It has been noticed that often times, core investors involved in privatization process in Nigeria, lack financial standing and technical competence. Let us take for example, the case of NITEL where Investor International (London) Limited (IILL) was the core investor. The IILL was able to pay only the mandatory deposits of $131.7 million out of $1.317 billion. There is a need for the BPE and NCP (National Council on Privatization) to properly examine the companies that win the bids for privatization for their technical, financial and administrative competence.

Undervaluation of some assets

Other implementation problems of the privatization programme in Nigeria include the undervaluation of some assets. Bureau of Public Enterprises (BPE) and the National Council on Privatization (NCP) should put a strong mechanism in place to ensure to make sure that public enterprises slated for privatization are not undervalued. External investigators and auditors should be called to determine the values of the assets.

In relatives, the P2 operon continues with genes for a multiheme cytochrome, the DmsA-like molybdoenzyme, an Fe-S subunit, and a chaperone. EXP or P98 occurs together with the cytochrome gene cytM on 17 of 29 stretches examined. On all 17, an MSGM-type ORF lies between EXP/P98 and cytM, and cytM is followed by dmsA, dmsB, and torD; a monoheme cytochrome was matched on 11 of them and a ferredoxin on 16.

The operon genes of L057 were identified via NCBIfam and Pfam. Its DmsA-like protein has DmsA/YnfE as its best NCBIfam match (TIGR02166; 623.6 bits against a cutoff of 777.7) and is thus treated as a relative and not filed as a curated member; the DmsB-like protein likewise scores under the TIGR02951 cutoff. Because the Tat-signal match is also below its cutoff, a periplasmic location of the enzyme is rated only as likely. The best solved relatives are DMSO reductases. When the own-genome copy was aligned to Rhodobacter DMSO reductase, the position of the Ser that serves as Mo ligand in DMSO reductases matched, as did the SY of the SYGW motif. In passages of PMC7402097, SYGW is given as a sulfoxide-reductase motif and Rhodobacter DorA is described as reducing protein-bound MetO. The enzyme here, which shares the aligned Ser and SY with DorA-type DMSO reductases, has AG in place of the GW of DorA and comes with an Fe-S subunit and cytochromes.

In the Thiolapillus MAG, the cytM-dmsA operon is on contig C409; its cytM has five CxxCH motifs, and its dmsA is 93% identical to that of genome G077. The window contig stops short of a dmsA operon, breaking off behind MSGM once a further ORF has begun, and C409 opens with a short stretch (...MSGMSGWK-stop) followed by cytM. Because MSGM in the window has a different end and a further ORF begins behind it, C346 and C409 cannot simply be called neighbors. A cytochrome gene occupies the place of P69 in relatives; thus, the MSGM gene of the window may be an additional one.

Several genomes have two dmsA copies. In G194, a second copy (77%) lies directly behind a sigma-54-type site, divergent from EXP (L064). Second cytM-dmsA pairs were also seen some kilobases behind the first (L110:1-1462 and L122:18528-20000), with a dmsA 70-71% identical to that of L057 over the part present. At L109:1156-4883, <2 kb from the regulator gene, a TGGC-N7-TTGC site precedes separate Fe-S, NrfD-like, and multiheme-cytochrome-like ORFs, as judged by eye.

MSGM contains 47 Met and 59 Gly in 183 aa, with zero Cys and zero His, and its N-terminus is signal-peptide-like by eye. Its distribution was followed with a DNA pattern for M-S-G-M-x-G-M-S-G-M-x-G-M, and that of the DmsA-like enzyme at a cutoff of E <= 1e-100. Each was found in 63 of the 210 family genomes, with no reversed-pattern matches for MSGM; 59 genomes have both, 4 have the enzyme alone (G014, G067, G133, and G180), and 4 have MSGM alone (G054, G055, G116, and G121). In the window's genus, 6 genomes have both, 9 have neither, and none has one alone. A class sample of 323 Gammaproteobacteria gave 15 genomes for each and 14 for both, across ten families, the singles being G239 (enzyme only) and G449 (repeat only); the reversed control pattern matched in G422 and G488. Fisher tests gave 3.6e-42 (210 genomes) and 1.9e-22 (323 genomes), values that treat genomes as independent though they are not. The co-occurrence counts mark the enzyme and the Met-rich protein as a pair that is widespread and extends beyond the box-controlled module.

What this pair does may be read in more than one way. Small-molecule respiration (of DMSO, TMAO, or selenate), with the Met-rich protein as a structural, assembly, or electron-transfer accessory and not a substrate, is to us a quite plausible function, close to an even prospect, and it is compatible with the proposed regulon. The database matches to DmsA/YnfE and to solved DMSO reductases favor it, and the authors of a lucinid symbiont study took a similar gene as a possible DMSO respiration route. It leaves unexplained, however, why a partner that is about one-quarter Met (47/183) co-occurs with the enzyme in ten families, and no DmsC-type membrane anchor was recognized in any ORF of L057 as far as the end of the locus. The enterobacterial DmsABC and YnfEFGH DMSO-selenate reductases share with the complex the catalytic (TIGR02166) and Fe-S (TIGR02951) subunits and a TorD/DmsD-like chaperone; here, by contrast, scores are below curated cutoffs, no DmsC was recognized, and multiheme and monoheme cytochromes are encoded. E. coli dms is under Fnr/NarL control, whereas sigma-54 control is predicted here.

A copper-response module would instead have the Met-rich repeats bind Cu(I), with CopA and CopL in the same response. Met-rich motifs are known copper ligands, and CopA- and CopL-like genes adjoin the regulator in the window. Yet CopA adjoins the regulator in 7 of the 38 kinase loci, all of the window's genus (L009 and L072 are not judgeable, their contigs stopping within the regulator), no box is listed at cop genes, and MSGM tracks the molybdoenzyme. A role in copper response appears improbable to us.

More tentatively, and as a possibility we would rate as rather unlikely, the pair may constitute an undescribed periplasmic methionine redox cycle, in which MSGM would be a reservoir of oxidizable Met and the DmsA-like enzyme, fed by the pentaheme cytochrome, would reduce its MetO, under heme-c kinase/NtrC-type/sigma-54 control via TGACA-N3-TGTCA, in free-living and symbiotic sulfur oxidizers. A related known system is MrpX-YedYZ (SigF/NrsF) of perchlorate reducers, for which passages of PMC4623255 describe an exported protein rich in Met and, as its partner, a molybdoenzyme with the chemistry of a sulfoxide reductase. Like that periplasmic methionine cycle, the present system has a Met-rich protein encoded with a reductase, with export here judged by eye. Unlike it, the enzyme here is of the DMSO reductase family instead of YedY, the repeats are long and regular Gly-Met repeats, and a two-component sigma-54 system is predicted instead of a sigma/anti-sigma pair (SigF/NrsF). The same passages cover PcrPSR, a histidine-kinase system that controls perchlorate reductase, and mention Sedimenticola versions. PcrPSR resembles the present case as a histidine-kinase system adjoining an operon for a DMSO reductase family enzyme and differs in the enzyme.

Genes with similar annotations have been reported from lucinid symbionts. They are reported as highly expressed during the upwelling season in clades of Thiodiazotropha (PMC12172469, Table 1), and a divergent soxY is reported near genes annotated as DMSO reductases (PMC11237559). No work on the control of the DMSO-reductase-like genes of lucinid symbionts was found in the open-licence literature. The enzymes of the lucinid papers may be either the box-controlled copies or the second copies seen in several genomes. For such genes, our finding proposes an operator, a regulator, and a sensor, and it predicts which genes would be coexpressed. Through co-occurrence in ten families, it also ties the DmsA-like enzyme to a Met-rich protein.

Absence of market competition

Privatization should also come with deregulation where more firms are allowed to enter the market. This will help increase the competitiveness of the market. It is only through an increase in competition that there can be improvements in inefficiency.

Lack of a reliable regulatory body

The lack of a regulatory body to serve as checks and balances to private individuals and companies after they have bought public enterprises has added up to the failure of the privatization process in Nigeria. Many wealthy and influential personalities know they can do and get away with irregularities and so they do not deliver on their promise in running the enterprise successfully.